By Iris Hentze
Were legislators as interested in occupational licensing legislation in 2019 as they have been in recent years? The answer is yes!
In 2019, NCSL counted 1,229 pieces of legislation introduced in the states on occupational licensing. Ultimately, 449 were enacted and became law with at least one piece of occupational licensing-related legislation introduced in each of the 50 states in 2019. As in past years, a few key trends stuck out as particularly popular among the states.
- States continued to examine their processes and governance related to occupational licensing by introducing 397 pieces of legislation related to the unique challenges of state occupational regulation systems. Many bills in this area were concerned with the oversight and operation of state licensing boards.
For example, Louisiana passed HB 423, prohibiting licensing boards from revoking an individual’s license based on her or his student loan status. Louisiana follows the trend of states like Illinois and Arkansas, which, in recent years, have passed similar legislation. West Virginia passed HB 2204 in 2019, prohibiting licensing boards in the state from hiring lobbyists to lobby state policymakers on behalf of the board. Many of the remaining 208 pieces of legislation enacted in this area were either related to the passage of sunrise or sunset provisions or were sunrise and/or sunset reviews of occupational regulation.
- In 2019, licensure mobility and interstate compacts continued to be relevant as states introduced nearly 100 bills on these topics.
- Arizona and Pennsylvania both garnered attention with their universal reciprocity bills, AZ HB 2569 and PA HB 1172, respectively. Both pieces of legislation allow for reciprocity for many licensed occupations in the two states, so long as the applicant meets some basic requirements, pays all necessary fees, and is a resident of the state. The bulk of the rest of the mobility-related bills include more traditional state-to-state reciprocity agreements and legislation authorizing states to join various compacts. Delaware passed legislation to join the Physical Therapy Licensure Compacts through SB 83, and Indiana joined the Advanced Nurse Licensure Compacts through HB 1344.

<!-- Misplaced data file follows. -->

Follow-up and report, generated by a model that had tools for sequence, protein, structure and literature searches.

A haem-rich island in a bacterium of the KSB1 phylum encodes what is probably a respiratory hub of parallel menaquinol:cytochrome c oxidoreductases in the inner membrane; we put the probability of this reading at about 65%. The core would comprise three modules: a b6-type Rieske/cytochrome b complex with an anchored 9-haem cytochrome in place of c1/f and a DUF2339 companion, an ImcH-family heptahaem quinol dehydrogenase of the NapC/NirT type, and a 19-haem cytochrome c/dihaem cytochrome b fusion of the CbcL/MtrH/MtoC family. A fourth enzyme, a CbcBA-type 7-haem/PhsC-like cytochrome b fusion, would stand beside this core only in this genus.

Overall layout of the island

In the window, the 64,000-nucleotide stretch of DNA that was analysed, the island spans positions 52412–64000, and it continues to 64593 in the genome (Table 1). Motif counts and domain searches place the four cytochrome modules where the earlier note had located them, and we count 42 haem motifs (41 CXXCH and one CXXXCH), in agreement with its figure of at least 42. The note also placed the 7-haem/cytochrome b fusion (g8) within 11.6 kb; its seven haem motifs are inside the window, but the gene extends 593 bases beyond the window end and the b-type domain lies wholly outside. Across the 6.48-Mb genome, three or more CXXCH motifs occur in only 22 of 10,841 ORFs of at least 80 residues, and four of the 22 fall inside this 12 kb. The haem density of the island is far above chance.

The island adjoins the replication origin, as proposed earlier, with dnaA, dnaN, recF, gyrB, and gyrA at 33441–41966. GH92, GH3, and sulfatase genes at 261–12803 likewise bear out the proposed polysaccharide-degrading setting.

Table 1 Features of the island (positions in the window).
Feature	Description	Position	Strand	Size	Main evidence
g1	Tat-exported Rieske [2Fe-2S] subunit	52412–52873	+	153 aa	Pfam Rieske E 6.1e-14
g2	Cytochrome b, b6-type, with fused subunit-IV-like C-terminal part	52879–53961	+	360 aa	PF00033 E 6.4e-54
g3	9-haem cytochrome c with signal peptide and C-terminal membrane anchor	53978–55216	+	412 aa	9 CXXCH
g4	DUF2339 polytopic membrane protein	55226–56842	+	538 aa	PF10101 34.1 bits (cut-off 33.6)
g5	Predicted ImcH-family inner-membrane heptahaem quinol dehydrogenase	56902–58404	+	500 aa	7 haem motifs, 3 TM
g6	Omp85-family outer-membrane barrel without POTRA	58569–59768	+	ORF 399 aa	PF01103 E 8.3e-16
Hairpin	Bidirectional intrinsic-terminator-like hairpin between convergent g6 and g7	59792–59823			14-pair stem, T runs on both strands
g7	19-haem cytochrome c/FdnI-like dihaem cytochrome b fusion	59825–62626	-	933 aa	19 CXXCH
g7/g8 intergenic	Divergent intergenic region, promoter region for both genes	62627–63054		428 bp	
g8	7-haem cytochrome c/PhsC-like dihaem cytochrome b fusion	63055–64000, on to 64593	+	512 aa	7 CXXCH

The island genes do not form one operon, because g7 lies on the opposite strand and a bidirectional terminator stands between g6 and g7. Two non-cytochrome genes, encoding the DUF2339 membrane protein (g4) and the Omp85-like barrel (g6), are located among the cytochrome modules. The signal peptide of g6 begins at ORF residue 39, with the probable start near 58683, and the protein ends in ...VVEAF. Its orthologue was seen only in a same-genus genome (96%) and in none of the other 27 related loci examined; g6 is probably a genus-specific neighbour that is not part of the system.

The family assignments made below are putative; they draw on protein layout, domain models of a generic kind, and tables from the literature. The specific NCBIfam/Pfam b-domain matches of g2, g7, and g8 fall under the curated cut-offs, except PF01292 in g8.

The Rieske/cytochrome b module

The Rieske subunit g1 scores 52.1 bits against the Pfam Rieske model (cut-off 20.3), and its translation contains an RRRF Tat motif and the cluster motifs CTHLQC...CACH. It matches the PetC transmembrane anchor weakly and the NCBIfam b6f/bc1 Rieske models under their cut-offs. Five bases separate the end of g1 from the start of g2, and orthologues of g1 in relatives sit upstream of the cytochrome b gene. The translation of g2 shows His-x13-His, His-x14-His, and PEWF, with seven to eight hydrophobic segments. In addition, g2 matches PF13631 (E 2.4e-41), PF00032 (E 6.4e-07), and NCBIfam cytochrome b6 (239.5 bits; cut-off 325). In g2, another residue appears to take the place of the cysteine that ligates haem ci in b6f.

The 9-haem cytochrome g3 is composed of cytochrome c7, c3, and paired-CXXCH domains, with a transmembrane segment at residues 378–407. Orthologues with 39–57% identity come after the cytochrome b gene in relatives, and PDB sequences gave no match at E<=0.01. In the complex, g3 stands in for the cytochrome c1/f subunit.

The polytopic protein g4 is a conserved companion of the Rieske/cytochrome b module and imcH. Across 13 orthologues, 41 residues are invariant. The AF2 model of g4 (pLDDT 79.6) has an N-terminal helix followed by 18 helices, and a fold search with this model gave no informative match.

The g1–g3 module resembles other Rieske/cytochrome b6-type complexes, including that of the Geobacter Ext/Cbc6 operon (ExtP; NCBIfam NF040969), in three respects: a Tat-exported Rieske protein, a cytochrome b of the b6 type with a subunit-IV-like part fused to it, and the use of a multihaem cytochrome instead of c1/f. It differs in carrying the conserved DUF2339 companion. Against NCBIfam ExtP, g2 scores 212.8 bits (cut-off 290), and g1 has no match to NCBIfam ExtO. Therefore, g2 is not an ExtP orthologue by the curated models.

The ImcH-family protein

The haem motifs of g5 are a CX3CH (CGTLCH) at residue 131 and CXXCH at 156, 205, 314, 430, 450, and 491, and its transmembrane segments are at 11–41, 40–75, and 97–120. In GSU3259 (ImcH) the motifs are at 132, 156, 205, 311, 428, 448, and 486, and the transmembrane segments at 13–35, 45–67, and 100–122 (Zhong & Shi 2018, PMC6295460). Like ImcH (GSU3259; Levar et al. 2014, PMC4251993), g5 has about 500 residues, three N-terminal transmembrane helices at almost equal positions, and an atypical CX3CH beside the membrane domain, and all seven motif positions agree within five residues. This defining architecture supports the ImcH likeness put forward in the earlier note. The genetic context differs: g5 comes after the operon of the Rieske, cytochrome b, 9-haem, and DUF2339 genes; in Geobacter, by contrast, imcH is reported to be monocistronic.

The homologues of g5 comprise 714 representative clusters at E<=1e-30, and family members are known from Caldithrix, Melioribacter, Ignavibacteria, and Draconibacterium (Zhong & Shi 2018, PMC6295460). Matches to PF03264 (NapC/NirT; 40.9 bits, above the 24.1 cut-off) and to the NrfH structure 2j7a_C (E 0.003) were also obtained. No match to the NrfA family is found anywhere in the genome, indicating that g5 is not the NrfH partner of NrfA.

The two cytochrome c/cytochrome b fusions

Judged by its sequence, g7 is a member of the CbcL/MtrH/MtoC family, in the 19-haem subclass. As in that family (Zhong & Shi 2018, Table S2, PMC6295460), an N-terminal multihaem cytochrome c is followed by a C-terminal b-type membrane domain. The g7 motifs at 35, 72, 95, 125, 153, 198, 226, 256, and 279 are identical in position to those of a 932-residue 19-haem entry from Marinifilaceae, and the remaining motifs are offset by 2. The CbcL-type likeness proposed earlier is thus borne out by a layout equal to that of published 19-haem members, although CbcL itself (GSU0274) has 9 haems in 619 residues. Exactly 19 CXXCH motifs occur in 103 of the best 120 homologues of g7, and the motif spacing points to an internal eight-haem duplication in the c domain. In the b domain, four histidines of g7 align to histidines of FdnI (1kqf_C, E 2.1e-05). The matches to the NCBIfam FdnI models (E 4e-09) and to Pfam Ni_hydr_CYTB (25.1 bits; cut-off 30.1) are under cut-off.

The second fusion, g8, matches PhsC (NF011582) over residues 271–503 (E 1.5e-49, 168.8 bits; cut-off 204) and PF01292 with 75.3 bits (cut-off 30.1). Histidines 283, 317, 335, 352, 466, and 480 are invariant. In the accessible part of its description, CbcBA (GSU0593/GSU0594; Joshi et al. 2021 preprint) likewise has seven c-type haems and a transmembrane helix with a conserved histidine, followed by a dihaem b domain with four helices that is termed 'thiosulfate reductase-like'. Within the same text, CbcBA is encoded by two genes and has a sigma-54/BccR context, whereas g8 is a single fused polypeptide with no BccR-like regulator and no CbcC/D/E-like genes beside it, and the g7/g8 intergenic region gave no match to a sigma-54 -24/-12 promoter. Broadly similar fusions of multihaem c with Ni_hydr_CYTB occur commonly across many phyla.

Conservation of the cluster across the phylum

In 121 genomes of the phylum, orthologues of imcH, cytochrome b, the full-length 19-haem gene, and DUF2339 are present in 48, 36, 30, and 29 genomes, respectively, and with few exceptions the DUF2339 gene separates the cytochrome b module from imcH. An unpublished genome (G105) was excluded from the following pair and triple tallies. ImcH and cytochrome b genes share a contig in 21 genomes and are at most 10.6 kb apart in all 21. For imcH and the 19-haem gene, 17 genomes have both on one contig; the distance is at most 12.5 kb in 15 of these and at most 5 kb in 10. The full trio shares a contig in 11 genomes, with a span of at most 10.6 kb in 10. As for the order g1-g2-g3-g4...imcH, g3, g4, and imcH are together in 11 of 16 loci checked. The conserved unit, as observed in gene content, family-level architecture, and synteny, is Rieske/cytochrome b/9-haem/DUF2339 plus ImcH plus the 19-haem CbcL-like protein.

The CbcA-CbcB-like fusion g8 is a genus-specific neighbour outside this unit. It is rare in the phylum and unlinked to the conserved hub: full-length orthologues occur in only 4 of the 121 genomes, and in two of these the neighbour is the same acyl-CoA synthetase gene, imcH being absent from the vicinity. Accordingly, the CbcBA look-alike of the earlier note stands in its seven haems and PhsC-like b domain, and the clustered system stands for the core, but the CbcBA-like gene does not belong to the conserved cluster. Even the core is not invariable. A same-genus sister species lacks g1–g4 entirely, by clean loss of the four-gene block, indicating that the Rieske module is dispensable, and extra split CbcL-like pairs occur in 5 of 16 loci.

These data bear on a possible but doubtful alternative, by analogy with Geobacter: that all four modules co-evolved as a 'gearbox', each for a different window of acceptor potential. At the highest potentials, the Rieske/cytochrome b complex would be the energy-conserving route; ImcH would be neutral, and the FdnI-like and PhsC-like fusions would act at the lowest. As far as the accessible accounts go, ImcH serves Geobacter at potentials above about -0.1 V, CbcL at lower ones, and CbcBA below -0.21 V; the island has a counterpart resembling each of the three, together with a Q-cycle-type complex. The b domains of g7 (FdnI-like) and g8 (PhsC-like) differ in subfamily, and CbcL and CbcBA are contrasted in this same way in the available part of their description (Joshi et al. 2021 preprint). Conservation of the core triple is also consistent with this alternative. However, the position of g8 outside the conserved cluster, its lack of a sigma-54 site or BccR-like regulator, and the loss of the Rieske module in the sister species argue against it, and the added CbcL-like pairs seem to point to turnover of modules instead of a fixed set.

- Legislation addressing barriers faced by individuals with criminal records, when attempting to gain an occupational license or employment in a field that requires one, continued to be popular in 2019.
NCSL tracked 94 pieces of legislation introduced on this topic, with 43 bills ultimately being enacted. A number of states adopted legislation preventing licensure boards from automatically rejecting applicants due to their criminal history alone.
In Alabama, SB 163 allows individuals to petition state courts to obtain an Order of Limited Relief. The order prevents occupational licensing boards from denying an individual a license based solely on a criminal record. Maryland passed HB 22, prohibiting the state’s departments that issue occupational licenses from denying an applicant outright based only on a criminal record. Illinois passed HB 2670, defining mitigating factors in statute and providing that those mitigating factors cannot be an outright bar to licensure. The legislation also guides the state’s Department of Professional Regulation on how to consider criminal history when an individual with a criminal record applies for an occupational license.
In 2020, NCSL will continue to track occupational licensing legislation in the states. We will update our legislative database weekly and keep up on the latest trends.
A few bills have already been filed or introduced, including legislation from Kentucky that would enter the state into the Audiology and Speech-Language Pathology Interstate Compact, and legislation from West Virginia that would create a process for converting military experience to a license in the state for a select group of occupations.
To learn more about trends in occupational licensing regulation from 2019, tune into NCSL’s webinar "2019 Trends in Occupational Licensing" on Jan. 17, at 1 p.m. ET.
Iris Hentze is a policy associate in NCSL's Employment, Labor and Retirement Program.